This is an excerpt from The Huffington Post article, "Bahrain's Denial of Visas to Rights Activists Underscores Contempt for Human and Worker Rights," by Cathy Feingold, director of AFL-CIO's International Department.
What is the best way for the United States to stand against violent repression, the quashing of dissent, show trials, torture and other egregious violations of human and civil rights?
In the case of Bahrain, apparently, it is to include the country in a new U.S. trade and investment plan and offer mostly silence as the regime crushes its opposition, invests heavily in a public relations campaign and closes off the country to human rights and social justice activists.
Two weeks ago, the AFL-CIO awarded a human rights award to the General Federation of Bahrain Trade Unions (GFBTU) and their Tunisian counterparts, the General Union of Tunisian Workers (UGTT), for the courageous role they played during the Arab uprisings of early 2011. The two countries offer a stark contrast in outcomes, with the people of Bahrain seeing their chances for a more democratic and just society dimming by the day.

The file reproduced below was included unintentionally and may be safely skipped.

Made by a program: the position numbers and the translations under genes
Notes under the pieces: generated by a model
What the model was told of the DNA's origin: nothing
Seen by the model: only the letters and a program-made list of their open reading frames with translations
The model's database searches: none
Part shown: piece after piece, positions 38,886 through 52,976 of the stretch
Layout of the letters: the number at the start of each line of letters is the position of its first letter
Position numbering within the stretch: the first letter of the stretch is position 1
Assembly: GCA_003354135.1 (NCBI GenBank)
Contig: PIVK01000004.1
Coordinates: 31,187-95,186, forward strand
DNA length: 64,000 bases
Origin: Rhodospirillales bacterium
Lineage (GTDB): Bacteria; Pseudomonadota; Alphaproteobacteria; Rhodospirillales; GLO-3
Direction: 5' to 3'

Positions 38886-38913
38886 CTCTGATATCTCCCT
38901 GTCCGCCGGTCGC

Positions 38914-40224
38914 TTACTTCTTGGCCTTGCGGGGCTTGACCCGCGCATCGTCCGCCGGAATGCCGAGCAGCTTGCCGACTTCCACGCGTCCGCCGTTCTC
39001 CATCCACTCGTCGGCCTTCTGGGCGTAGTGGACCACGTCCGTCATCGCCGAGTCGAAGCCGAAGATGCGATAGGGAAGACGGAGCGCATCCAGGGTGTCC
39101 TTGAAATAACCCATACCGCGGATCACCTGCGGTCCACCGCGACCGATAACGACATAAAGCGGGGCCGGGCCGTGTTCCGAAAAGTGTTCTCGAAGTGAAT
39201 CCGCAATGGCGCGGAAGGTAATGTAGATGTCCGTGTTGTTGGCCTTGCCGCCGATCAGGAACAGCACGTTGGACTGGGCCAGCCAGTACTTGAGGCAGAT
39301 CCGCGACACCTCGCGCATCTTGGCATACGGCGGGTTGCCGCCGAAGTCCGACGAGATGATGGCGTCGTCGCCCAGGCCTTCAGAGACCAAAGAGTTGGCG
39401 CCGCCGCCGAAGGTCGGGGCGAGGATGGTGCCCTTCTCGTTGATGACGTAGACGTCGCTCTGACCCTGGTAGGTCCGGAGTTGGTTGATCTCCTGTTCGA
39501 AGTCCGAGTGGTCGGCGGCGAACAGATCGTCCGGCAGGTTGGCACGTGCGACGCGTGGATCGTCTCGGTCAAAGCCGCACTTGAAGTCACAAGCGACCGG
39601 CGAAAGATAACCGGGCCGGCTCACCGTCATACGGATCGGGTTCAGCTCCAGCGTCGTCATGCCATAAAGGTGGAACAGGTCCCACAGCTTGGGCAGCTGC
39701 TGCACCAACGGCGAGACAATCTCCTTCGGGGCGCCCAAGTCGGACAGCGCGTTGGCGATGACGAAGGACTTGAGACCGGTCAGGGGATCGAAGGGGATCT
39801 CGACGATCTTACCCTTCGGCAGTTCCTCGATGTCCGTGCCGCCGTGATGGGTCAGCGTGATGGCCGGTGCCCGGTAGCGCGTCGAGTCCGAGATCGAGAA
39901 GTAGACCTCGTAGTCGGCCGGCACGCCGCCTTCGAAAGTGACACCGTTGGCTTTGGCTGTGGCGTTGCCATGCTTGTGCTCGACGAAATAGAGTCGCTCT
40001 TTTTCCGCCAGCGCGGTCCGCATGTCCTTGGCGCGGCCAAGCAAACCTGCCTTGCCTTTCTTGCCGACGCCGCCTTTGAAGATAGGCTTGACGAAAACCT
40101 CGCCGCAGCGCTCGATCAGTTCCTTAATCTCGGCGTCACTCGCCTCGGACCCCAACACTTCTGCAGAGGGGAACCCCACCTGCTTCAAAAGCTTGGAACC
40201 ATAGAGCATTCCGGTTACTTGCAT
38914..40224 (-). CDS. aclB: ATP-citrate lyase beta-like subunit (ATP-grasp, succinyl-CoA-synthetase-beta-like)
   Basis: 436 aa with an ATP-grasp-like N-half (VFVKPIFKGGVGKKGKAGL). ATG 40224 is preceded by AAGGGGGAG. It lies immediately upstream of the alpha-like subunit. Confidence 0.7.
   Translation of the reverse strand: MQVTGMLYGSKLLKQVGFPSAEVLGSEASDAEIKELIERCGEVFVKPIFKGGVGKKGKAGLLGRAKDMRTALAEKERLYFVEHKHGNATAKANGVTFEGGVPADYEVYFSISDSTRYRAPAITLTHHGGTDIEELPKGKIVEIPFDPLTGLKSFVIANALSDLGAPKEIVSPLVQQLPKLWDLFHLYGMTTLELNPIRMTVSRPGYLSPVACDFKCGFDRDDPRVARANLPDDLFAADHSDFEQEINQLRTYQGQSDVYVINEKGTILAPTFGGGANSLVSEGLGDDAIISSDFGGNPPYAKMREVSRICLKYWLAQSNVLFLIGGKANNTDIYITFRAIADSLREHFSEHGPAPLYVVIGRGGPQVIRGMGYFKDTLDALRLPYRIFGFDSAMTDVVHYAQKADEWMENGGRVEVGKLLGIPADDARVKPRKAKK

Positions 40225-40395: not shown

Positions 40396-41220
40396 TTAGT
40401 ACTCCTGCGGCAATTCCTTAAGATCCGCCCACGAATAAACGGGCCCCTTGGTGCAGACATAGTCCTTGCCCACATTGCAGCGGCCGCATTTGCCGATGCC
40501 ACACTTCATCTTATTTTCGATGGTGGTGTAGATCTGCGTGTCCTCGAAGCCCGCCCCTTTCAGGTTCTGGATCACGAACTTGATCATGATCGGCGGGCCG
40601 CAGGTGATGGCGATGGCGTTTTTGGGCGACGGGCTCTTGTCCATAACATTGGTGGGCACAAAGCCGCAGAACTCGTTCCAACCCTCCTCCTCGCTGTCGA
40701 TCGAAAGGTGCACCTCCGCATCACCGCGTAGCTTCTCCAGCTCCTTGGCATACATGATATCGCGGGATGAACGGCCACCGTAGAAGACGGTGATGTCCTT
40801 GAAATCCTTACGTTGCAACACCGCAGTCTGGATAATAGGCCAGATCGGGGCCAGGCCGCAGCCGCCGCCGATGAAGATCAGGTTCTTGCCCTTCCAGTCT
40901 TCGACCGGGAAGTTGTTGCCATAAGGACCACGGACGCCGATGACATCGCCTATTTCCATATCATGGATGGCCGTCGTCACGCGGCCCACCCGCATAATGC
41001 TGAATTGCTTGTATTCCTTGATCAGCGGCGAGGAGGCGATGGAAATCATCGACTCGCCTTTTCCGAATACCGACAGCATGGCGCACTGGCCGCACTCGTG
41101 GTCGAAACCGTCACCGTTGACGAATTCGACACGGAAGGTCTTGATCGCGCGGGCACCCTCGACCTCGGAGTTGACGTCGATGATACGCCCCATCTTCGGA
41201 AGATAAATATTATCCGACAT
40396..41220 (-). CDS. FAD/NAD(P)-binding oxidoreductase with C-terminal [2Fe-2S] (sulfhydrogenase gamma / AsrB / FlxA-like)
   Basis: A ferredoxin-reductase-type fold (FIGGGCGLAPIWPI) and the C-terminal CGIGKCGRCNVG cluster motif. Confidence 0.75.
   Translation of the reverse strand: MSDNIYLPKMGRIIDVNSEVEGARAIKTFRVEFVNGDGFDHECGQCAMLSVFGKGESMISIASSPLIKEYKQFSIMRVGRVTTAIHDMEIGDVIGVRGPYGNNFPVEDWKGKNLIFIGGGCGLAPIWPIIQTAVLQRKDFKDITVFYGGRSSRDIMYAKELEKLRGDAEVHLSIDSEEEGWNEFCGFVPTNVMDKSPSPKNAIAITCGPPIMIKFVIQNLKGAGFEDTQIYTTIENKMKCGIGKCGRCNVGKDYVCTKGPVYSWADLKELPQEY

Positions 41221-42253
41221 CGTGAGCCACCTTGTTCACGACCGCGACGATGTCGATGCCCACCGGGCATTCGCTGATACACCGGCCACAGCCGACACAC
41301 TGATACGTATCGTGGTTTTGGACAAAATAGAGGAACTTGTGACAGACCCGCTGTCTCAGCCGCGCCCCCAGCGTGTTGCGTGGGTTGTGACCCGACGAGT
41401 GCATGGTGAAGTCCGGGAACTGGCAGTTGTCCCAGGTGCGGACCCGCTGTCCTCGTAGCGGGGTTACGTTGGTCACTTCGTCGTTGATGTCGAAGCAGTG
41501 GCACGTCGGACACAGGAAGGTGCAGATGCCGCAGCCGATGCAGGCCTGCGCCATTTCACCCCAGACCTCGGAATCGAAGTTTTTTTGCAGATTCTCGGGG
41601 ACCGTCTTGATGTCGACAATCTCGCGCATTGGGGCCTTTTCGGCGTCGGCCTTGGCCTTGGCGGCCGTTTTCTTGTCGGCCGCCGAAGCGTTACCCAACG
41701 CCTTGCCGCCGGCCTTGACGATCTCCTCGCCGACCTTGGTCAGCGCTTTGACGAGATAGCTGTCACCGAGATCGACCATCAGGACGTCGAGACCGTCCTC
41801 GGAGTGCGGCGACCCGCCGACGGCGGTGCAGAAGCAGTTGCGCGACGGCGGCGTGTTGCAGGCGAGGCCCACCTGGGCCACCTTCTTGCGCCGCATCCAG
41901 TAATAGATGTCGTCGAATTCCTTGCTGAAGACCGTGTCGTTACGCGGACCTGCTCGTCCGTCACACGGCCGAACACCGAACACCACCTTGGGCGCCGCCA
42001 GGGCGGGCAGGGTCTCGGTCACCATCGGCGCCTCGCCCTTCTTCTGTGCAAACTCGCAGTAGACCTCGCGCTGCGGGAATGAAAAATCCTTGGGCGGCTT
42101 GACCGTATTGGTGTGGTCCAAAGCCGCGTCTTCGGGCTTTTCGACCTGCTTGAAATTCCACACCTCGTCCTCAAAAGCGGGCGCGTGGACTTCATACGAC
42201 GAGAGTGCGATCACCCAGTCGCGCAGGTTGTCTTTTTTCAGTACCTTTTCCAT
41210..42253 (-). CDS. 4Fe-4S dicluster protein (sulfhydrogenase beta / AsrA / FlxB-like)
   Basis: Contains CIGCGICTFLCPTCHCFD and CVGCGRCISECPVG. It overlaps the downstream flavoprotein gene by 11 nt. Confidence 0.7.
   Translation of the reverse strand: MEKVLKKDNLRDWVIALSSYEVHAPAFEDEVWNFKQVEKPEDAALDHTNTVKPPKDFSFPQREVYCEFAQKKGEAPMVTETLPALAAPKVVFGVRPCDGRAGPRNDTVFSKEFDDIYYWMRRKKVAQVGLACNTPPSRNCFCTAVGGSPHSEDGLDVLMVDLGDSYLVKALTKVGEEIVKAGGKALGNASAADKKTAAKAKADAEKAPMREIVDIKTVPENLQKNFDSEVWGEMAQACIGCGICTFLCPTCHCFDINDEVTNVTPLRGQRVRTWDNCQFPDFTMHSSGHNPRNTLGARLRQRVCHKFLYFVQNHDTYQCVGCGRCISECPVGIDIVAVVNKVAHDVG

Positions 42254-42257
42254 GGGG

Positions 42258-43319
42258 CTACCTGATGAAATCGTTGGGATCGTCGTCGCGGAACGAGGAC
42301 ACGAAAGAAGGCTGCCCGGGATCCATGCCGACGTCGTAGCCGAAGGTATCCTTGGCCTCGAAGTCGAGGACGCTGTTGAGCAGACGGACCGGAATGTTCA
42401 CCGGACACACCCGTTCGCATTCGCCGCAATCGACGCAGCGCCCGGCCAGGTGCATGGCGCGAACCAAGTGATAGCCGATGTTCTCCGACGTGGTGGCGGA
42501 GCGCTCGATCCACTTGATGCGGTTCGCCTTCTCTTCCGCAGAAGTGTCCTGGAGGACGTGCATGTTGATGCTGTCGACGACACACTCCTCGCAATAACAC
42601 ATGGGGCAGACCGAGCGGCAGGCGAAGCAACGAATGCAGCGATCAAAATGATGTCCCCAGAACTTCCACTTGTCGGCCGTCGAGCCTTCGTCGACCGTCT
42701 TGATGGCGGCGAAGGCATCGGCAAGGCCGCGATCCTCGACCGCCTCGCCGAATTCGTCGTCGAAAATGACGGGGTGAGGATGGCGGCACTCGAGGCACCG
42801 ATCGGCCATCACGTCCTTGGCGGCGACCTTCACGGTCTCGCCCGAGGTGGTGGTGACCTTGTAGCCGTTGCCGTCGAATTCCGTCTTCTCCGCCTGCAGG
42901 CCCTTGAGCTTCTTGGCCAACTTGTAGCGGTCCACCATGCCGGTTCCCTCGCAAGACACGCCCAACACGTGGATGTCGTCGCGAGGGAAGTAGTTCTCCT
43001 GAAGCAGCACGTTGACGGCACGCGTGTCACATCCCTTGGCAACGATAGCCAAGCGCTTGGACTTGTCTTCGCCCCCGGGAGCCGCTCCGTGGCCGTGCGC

The GFBTU—a nonsectarian organization whose membership includes 60 unions and workers from industrial, textile, construction, petroleum, insurance and other sectors—has consistently advocated for social and economic justice through dialogue with all social partners. Its commitment to this agenda and to a broader dialogue that would allow for the democratic participation of all Bahrainis has proved threatening to powerful elements of the royal family who runs the country.